7. James H. Stock & Motohiro Yogo, 2002. "Testing for Weak Instruments in Linear IV Regression," NBER Technical Working Papers 0284, National Bureau of Economic Research, Inc.
  8. Joshua D. Angrist, 2003. "Treatment Effect Heterogeneity in Theory and Practice," NBER Working Papers 9708, National Bureau of Economic Research, Inc.
  9. Matthew Gentzkow & Jesse Shapiro, 2005. "Media Bias and Reputation," NBER Working Papers 11664, National Bureau of Economic Research, Inc.
  10. David Strömberg, 2004. "Radio's Impact on Public Spending," The Quarterly Journal of Economics, MIT Press, vol. 119(1), pages 189-221, February.
  11. Caroline Hoxby & M. Daniele Paserman, 1998. "Overidentification Tests with Grouped Data," NBER Technical Working Papers 0223, National Bureau of Economic Research, Inc.
  12. Heckman, James J, 1996. "Randomization as an Instrumental Variable: Notes," The Review of Economics and Statistics, MIT Press, vol. 78(2), pages 336-41, May.
  13. Moulton, Brent R, 1990. "An Illustration of a Pitfall in Estimating the Effects of Aggregate Variables on Micro Unit," The Review of Economics and Statistics, MIT Press, vol. 72(2), pages 334-38, May.
  14. Zavodny, Madeline, 2006. "Does watching television rot your mind? Estimates of the effect on test scores," Economics of Education Review, Elsevier, vol. 25(5), pages 565-573, October.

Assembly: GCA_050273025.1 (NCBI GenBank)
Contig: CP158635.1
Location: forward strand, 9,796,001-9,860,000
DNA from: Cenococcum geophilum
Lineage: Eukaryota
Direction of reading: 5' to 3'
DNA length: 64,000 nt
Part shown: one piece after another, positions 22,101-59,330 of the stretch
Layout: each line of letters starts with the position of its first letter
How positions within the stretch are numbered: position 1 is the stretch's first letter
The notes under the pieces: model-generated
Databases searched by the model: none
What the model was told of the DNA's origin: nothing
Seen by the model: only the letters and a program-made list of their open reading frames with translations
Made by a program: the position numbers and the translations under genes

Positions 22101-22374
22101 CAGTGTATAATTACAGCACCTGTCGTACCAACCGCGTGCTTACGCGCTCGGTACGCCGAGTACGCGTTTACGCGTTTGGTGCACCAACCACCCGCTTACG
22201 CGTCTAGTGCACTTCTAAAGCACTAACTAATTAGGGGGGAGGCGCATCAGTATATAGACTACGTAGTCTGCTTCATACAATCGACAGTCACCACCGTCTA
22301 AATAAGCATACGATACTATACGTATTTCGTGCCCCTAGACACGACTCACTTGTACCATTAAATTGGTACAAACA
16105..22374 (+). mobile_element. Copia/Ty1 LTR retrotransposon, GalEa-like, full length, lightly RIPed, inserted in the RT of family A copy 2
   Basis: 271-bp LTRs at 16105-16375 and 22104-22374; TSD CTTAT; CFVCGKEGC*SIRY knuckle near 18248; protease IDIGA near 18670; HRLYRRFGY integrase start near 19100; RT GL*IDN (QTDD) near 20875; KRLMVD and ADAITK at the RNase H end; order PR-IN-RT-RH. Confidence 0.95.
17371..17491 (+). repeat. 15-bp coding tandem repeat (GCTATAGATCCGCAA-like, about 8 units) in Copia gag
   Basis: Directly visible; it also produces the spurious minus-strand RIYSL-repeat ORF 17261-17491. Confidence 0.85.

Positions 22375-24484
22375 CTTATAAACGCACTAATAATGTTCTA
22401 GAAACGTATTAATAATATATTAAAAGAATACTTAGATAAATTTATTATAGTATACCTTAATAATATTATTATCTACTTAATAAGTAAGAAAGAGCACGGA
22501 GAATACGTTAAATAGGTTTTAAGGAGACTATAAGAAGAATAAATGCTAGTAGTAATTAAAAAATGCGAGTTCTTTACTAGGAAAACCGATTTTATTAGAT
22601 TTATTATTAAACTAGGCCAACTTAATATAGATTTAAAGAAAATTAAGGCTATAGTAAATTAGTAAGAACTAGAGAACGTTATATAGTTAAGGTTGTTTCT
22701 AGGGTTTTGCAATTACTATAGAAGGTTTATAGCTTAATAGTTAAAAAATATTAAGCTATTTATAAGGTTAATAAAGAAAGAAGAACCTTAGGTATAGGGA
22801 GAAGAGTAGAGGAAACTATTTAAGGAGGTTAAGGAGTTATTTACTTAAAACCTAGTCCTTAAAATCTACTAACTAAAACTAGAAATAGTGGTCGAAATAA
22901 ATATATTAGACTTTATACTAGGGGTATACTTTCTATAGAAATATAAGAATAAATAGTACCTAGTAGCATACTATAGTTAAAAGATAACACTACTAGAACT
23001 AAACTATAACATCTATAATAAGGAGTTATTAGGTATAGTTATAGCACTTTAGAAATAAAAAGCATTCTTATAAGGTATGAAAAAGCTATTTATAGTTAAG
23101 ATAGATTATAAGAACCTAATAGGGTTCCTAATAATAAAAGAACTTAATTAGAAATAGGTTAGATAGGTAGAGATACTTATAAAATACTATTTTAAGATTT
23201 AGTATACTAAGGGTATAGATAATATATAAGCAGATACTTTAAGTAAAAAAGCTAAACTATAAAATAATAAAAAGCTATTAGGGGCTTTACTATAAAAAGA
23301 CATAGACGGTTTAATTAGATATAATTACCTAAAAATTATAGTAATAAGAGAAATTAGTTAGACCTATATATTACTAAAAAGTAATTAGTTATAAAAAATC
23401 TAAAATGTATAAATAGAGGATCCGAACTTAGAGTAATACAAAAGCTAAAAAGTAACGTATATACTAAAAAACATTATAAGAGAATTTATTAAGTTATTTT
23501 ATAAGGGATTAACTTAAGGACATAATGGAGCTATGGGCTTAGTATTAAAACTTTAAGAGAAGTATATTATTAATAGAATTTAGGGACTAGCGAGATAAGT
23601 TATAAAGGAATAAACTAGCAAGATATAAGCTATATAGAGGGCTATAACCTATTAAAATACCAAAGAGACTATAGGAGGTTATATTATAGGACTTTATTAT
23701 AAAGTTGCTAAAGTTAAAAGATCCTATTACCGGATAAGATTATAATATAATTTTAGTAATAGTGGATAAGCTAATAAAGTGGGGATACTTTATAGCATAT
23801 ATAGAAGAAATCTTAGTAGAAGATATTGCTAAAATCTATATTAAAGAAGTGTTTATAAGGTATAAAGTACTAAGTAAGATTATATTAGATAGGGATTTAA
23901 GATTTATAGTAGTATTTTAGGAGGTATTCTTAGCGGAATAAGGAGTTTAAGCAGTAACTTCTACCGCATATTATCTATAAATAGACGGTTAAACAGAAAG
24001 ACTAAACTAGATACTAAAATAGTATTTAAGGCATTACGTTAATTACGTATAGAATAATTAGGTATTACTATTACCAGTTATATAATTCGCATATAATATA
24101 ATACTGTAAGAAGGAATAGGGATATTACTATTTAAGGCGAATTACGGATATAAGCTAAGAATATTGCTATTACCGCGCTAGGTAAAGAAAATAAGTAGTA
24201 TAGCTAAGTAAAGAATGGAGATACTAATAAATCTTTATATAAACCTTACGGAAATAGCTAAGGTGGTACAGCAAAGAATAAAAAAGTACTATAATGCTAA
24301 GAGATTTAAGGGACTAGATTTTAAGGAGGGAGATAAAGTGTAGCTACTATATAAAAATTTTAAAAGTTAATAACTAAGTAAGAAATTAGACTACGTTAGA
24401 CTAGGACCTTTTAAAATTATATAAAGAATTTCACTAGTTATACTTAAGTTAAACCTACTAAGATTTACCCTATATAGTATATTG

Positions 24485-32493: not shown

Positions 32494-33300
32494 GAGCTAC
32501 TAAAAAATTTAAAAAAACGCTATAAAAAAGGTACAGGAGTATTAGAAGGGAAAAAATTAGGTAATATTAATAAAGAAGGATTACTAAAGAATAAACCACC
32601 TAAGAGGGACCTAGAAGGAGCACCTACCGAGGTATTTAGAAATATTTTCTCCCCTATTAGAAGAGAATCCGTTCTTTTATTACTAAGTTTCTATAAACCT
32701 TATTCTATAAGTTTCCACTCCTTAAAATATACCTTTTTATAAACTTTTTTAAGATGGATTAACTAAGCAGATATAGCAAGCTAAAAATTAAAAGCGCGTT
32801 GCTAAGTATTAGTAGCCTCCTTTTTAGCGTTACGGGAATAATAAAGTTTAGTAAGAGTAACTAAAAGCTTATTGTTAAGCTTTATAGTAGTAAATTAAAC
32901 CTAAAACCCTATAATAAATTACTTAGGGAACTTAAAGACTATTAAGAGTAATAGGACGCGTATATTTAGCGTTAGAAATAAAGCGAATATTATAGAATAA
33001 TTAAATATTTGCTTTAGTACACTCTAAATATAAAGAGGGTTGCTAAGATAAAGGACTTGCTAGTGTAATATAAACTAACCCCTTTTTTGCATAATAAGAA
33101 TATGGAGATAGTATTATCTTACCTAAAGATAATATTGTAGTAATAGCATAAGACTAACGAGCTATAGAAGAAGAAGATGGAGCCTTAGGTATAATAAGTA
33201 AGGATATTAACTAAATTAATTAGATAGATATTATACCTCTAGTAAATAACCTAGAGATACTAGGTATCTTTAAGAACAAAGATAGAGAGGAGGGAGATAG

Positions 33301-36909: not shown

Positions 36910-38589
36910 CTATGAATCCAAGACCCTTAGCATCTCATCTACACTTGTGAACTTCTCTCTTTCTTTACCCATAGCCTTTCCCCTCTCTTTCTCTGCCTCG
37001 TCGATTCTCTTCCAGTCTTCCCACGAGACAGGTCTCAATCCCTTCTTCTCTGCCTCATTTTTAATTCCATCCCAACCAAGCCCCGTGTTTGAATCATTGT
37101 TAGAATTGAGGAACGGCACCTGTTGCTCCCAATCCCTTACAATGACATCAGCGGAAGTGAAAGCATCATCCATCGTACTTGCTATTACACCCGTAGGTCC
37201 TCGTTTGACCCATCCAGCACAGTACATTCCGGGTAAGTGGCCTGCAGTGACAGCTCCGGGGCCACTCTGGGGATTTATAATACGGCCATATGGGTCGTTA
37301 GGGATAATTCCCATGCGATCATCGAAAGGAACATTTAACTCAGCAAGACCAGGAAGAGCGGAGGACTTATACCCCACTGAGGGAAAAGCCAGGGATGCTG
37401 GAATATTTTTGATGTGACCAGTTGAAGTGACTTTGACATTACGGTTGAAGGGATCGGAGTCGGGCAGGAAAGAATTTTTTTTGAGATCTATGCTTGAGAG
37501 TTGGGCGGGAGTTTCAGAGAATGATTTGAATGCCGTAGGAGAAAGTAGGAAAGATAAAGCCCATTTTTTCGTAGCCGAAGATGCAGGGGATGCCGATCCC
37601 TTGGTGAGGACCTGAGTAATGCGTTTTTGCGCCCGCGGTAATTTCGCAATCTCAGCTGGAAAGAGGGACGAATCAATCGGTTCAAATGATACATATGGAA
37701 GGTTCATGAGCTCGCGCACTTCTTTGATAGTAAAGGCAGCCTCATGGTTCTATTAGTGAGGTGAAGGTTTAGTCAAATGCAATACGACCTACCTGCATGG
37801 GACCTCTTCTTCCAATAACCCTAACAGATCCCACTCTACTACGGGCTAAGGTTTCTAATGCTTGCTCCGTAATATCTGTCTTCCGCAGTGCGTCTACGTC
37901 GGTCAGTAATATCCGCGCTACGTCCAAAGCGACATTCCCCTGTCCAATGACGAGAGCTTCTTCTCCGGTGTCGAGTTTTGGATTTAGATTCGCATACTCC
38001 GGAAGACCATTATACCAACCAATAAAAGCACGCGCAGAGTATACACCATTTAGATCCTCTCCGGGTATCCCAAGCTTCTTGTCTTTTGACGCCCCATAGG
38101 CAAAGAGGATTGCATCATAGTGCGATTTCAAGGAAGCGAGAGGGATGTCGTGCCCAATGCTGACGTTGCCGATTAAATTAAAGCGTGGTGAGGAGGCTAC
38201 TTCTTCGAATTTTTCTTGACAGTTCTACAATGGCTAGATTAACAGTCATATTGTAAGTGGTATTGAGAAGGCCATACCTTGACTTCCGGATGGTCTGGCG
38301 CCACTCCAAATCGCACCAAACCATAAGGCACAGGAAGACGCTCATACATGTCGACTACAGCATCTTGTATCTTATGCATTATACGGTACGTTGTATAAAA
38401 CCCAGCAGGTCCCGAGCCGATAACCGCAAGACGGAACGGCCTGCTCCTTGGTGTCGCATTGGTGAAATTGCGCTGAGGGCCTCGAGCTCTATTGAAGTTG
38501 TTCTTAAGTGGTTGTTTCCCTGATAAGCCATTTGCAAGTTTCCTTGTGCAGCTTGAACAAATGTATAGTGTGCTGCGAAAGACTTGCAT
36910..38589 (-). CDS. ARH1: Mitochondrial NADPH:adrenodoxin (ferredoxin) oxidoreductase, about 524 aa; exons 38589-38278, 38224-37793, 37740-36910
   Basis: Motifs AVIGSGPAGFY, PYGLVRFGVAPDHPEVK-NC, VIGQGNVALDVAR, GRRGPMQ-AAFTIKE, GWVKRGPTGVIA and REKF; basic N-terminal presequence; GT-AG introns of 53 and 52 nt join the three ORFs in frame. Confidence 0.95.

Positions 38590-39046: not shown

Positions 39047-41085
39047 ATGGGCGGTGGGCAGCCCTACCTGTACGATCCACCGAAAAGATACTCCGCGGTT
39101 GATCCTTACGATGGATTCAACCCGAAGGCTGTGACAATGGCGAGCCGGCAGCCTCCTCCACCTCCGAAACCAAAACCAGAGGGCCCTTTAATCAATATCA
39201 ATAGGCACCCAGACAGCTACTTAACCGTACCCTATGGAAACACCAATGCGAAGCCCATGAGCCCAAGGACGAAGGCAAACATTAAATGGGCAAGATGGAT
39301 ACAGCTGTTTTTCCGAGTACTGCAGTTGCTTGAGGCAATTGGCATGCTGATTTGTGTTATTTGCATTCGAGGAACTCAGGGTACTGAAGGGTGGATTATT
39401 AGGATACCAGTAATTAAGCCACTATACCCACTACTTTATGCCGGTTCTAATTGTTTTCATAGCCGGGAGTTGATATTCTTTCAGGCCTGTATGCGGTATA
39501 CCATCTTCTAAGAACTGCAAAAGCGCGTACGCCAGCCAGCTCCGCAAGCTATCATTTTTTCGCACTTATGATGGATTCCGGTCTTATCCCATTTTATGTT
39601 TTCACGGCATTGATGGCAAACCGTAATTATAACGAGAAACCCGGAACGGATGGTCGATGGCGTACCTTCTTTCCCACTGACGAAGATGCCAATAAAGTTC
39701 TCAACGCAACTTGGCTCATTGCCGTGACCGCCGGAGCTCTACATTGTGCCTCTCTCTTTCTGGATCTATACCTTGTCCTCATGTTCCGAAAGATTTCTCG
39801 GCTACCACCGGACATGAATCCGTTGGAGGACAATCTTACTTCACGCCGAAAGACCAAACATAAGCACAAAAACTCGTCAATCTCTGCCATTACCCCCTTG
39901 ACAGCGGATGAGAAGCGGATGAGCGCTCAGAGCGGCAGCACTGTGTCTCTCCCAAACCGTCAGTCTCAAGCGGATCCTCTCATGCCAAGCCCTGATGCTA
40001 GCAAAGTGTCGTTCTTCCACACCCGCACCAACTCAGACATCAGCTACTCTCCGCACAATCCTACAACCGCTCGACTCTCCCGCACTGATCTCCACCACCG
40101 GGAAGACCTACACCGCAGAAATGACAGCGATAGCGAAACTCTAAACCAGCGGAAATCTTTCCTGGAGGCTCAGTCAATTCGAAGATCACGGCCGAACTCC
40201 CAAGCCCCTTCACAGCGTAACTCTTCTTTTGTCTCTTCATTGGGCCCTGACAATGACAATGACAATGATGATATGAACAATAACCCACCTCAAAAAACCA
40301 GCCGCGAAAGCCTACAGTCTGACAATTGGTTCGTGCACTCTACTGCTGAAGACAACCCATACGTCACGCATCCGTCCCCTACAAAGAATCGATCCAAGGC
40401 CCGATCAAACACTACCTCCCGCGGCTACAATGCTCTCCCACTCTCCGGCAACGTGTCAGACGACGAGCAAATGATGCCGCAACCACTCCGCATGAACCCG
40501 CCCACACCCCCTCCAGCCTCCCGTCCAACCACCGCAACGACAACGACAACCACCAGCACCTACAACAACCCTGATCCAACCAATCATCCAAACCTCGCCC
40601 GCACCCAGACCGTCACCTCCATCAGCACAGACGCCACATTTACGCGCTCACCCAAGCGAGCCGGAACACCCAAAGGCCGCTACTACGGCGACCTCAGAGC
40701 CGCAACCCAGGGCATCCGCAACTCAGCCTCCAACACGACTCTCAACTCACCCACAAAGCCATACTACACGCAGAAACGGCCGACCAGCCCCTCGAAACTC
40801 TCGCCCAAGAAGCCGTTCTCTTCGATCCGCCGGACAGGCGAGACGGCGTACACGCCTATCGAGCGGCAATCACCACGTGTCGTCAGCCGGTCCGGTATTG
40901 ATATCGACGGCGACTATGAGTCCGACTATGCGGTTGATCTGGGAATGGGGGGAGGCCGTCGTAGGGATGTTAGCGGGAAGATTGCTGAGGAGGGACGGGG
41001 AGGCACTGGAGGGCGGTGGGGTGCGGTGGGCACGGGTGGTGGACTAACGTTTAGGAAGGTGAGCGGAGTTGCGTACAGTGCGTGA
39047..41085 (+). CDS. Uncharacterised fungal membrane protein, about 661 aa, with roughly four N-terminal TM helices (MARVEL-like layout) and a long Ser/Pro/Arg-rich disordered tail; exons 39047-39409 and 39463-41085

15. Griliches, Zvi & Mason, William M, 1972. "Education, Income, and Ability," Journal of Political Economy, University of Chicago Press, vol. 80(3), pages S74-S103, Part II, .
  16. Matthew Gentzkow, 2006. "Television and Voter Turnout," The Quarterly Journal of Economics, MIT Press, vol. 121(3), pages 931-972, 08.
  17. Hansen, Lars Peter, 1982. "Large Sample Properties of Generalized Method of Moments Estimators," Econometrica, Econometric Society, vol. 50(4), pages 1029-54, July.
Full references (including those not matched with items on IDEAS)

This item is not listed on Wikipedia, on a reading list or among the top items on IDEAS.

When requesting a correction, please mention this item's handle: RePEc:nbr:nberwo:12021. See general information about how to correct material in RePEc.

For technical questions regarding this item, or to correct its authors, title, abstract, bibliographic or download information, contact: ()

If you have authored this item and are not yet registered with RePEc, we encourage you to do it here. This allows to link your profile to this item. It also allows you to accept potential citations to this item that we are uncertain about.

If references are entirely missing, you can add them using this form.

If the full references list an item that is present in RePEc, but the system did not link to it, you can help with this form.

If you know of missing items citing this one, you can help us creating those links by adding the relevant references in the same way as above, for each refering item. If you are a registered author of this item, you may also want to check the "citations" tab in your profile, as there may be some citations waiting for confirmation.

Please note that corrections may take a couple of weeks to filter through the various RePEc services.

This information is provided to you by IDEAS at the Research Division of the Federal Reserve Bank of St. Louis using RePEc data.